We have spared no effort in our relentless search for the world's best pickles. Meaning, we pulled every book with a pickling recipe from our cookbook library and dove in.
This particular preparation for mustard pickles involves no fermentation or anything even resembling a fermentation, unless you count the soaking overnight in hot water. It comes from a book titled, "Pickled: Preserving a World of Tastes and Traditions," by Lucy Norris. And here you will find more pickling recipes than you could possibly ever use. Some are quite tantalizing. One calls for solarizing cucumbers in a brine with a slice of rye bread. Another is heavy with cajun spices. And there's an intriguing stuffed cucumber kimchi.
I am dubious about some of the quantities called for in the original mustard pickle recipe. It calls for "27 to 29 small Kirby cumbers, about 7 pounds" to fill four pints. Four pints? I'd like to see someone try to stuff seven pounds of cucumber into seven pint jars. My experience calls for something closer to one pound for each pint jar. The original formula also calls for 4 cups of distilled white vinegar for the brine. I halved the recipe and still had plenty of brine left over.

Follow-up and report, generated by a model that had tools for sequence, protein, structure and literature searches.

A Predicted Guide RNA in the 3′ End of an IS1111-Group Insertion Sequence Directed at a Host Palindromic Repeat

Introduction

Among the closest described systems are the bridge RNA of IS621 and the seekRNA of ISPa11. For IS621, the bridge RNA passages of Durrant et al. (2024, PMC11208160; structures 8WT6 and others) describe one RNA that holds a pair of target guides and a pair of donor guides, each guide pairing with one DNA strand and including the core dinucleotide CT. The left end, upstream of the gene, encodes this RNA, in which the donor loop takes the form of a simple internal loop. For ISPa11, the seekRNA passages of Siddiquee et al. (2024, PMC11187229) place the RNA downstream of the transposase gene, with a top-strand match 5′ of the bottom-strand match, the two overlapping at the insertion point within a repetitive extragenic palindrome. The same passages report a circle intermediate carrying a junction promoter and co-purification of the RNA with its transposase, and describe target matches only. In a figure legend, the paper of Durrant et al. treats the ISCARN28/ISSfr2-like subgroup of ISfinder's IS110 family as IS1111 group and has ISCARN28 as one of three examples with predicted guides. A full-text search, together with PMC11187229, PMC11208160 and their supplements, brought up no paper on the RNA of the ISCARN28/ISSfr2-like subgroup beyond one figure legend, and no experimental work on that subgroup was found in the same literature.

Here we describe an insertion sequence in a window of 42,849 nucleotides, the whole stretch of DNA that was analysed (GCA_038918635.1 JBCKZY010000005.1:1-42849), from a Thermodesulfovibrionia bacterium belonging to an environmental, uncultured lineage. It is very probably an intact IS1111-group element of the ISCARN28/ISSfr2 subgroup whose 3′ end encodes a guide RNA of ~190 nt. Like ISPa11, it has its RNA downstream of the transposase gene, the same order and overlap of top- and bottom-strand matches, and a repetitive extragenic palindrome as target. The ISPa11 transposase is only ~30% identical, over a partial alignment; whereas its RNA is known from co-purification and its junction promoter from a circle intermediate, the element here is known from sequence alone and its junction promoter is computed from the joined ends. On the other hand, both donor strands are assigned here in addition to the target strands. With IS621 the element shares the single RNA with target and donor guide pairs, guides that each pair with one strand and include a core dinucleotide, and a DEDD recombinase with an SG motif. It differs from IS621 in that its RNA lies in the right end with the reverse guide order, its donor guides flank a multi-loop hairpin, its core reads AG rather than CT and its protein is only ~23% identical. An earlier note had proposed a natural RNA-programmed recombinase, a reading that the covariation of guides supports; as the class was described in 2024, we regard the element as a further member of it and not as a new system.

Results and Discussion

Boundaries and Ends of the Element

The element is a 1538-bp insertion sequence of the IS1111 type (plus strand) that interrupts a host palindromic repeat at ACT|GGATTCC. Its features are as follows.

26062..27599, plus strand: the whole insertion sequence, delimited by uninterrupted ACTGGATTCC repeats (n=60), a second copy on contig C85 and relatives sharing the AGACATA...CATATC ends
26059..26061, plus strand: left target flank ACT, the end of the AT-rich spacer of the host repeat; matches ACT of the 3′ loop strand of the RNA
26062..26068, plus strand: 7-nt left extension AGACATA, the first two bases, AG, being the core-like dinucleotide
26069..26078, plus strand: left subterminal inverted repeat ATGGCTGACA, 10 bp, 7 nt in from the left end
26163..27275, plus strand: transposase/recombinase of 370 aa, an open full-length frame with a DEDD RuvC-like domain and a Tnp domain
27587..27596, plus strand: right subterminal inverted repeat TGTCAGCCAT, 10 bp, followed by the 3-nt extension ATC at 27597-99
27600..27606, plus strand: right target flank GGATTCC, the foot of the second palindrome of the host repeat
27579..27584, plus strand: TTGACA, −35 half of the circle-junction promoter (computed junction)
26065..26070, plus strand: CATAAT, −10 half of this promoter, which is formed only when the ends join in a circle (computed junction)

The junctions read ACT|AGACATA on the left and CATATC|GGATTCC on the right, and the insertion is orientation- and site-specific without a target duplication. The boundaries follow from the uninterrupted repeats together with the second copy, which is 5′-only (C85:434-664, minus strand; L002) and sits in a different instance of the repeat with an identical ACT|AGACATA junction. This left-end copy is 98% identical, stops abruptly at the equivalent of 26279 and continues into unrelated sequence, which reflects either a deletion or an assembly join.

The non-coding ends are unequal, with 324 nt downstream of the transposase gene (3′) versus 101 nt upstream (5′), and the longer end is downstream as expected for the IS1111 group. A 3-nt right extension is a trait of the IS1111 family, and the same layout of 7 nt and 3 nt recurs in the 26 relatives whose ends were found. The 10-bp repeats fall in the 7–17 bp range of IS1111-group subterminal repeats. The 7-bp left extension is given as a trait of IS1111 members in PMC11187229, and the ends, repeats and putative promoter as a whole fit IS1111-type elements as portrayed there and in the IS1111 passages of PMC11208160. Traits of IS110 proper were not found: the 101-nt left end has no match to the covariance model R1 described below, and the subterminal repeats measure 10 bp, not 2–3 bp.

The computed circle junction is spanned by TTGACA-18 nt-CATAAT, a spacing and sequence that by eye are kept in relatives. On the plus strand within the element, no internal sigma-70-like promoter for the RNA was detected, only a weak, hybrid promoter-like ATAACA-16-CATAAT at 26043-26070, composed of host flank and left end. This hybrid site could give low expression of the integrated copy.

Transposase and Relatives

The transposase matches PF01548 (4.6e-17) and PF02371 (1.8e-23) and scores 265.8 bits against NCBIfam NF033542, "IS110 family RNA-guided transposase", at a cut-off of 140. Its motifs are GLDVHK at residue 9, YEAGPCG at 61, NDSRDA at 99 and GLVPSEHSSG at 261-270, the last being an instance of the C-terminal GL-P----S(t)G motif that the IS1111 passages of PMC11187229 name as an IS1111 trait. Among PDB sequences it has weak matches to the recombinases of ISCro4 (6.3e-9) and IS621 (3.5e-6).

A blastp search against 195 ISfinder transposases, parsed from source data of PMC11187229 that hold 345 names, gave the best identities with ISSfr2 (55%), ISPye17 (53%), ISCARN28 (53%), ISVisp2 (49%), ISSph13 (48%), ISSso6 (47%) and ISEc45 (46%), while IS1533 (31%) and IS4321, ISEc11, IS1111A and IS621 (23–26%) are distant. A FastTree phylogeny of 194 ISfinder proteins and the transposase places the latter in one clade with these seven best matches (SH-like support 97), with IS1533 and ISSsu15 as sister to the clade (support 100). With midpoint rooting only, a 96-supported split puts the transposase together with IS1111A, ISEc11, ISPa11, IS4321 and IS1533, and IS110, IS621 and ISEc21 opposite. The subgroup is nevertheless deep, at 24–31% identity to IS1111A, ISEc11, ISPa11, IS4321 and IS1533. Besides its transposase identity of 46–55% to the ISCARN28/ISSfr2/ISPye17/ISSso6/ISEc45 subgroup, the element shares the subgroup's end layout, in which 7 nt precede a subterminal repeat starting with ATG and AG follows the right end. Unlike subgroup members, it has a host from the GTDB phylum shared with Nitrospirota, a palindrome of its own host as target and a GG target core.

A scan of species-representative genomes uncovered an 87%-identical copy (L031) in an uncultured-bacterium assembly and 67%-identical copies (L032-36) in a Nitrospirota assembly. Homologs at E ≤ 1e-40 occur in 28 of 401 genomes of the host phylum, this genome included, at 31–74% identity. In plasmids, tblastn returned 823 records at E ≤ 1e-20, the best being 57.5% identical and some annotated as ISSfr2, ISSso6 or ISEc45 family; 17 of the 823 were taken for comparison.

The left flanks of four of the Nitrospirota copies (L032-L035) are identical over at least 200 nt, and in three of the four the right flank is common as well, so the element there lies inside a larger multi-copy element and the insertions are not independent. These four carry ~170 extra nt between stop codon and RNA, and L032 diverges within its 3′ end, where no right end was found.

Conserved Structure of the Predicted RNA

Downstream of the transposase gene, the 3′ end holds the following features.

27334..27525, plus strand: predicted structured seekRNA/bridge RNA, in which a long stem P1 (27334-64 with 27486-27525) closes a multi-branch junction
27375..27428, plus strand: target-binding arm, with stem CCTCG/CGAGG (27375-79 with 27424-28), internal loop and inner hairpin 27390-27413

So I am giving my adjusted version:
2 pounds cucumbers, each about 4 inches long (or cut to fit)
4 cups water
2 cups distilled white vinegar
1/8 cup pickling salt, or additive-free sea salt
1 teaspoon powdered mustard
1/8 teaspoon Splenda
1/8 cup sugar
Wash cucumbers, slice into halves, then place in a non-reactive bowl. Bring water to a boil, pour over cucumbers and let sit overnight.
Sterilize two pint canning jars and lids according to manufacturer's instructions. Meanwhile, mix vinegar, salt, mustard, Splenda and sugar. Pack cucumbers into hot jars, then cover with brine, leaving at least 1/4 inch headroom. Screw on lids and process in boiling water for 12 minutes according to manufacturer's instructions.
Store for at least one week before eating. Refrigerate after opening jars. Otherwise, the sealed jars should keep for many months.